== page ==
Basil microgreens can be grown by sowing the seeds on a moistened growing medium, covering them lightly with soil, and providing plenty of light and moisture. Basil microgreens prefer warm temperatures and require consistent watering to prevent the soil from drying out. With proper care, you can enjoy the distinctive aroma and flavor of basil in just a few weeks.
What You'll Learn
Select the Right Seeds
Choosing the right basil seeds is key for a successful microgreens harvest, so make sure you pick some that are high quality and will grow well!
Depending on your needs, you can select from bush or large-leaf types of basil. Bush varieties tend to be smaller but more compact when grown as microgreens, while large-leaf varieties have larger leaves with more flavor.
A variety selection may include sweet basils, such as Genovese or Thai; spicy basils like cinnamon or lemon; and aromatic basils like Holy or Greek. Determine what type of flavor profile you’re looking for in your finished product before selecting the type of seed.
When shopping for your basil seeds, look for those labeled non-GMO and organic if possible. Make sure to read the package directions carefully as all seeds will vary in terms of germination rate and how long it takes them to reach maturity when harvested as microgreens. Generally speaking, most types of basil will take 7–14 days to reach their full size once planted.
Once you’ve selected the right type of seed for your needs, it’s time to prepare it for planting. Soak the seeds overnight in room temperature water before sowing them onto moistened growing medium—a mixture of potting soil and compost works well here too—and cover lightly with additional soil mix until they begin to sprout.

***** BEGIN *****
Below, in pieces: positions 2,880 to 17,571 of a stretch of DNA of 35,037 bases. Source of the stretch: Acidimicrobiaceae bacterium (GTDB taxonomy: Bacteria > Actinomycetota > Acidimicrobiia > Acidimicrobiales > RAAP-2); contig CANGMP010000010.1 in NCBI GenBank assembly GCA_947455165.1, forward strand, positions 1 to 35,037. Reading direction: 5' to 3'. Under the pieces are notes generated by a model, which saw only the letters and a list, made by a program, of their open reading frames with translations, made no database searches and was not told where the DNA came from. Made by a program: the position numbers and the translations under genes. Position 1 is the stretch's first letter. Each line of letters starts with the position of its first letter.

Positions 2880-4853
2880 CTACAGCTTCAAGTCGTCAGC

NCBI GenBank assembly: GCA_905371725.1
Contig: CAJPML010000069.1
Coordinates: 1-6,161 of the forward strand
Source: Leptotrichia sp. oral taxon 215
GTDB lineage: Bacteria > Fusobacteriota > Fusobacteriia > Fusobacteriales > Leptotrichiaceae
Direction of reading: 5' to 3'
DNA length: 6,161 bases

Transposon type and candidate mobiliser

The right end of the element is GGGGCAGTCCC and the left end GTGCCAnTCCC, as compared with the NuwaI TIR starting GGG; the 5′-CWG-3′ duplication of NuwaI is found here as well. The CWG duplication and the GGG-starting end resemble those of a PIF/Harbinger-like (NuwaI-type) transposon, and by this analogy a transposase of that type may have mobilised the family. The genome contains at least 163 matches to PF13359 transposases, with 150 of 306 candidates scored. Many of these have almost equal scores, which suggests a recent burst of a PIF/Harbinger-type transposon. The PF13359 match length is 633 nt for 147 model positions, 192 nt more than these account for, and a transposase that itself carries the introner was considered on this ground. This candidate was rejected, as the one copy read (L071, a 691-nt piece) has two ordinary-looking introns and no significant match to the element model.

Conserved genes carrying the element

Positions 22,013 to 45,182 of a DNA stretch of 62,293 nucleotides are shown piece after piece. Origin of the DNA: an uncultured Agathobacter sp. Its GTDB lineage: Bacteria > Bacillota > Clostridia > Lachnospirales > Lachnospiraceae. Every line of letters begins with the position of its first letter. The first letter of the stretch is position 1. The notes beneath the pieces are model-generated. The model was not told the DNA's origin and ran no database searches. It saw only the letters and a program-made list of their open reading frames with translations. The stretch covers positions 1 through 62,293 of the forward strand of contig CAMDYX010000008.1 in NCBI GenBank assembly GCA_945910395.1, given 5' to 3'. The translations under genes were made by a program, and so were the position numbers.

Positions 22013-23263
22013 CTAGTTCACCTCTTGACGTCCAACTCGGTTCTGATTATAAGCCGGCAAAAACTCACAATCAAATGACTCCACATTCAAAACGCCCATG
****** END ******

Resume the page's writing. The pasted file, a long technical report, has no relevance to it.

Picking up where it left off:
Place the tray near a light source that provides at least 12 hours per day and keep an eye on moisture levels throughout the growing process—too little water can lead to wilting while too much can cause mold growth or rot! Providing adequate light and moisture is essential for healthy growth during this stage so take extra care not to overwater or leave your trays out in direct sunlight where they may dry out quickly.
After a few weeks, you’ll be able to harvest vibrant green clusters of flavorful microgreens perfect for salads, sandwiches, soups, pestos—the possibilities are endless!
Prepare the Growing Medium
Preparing the growing medium for basil microgreens is an important step in the process. You’ll need to use a soilless mix, as this’ll provide all the nutrients and moisture your basil needs to thrive.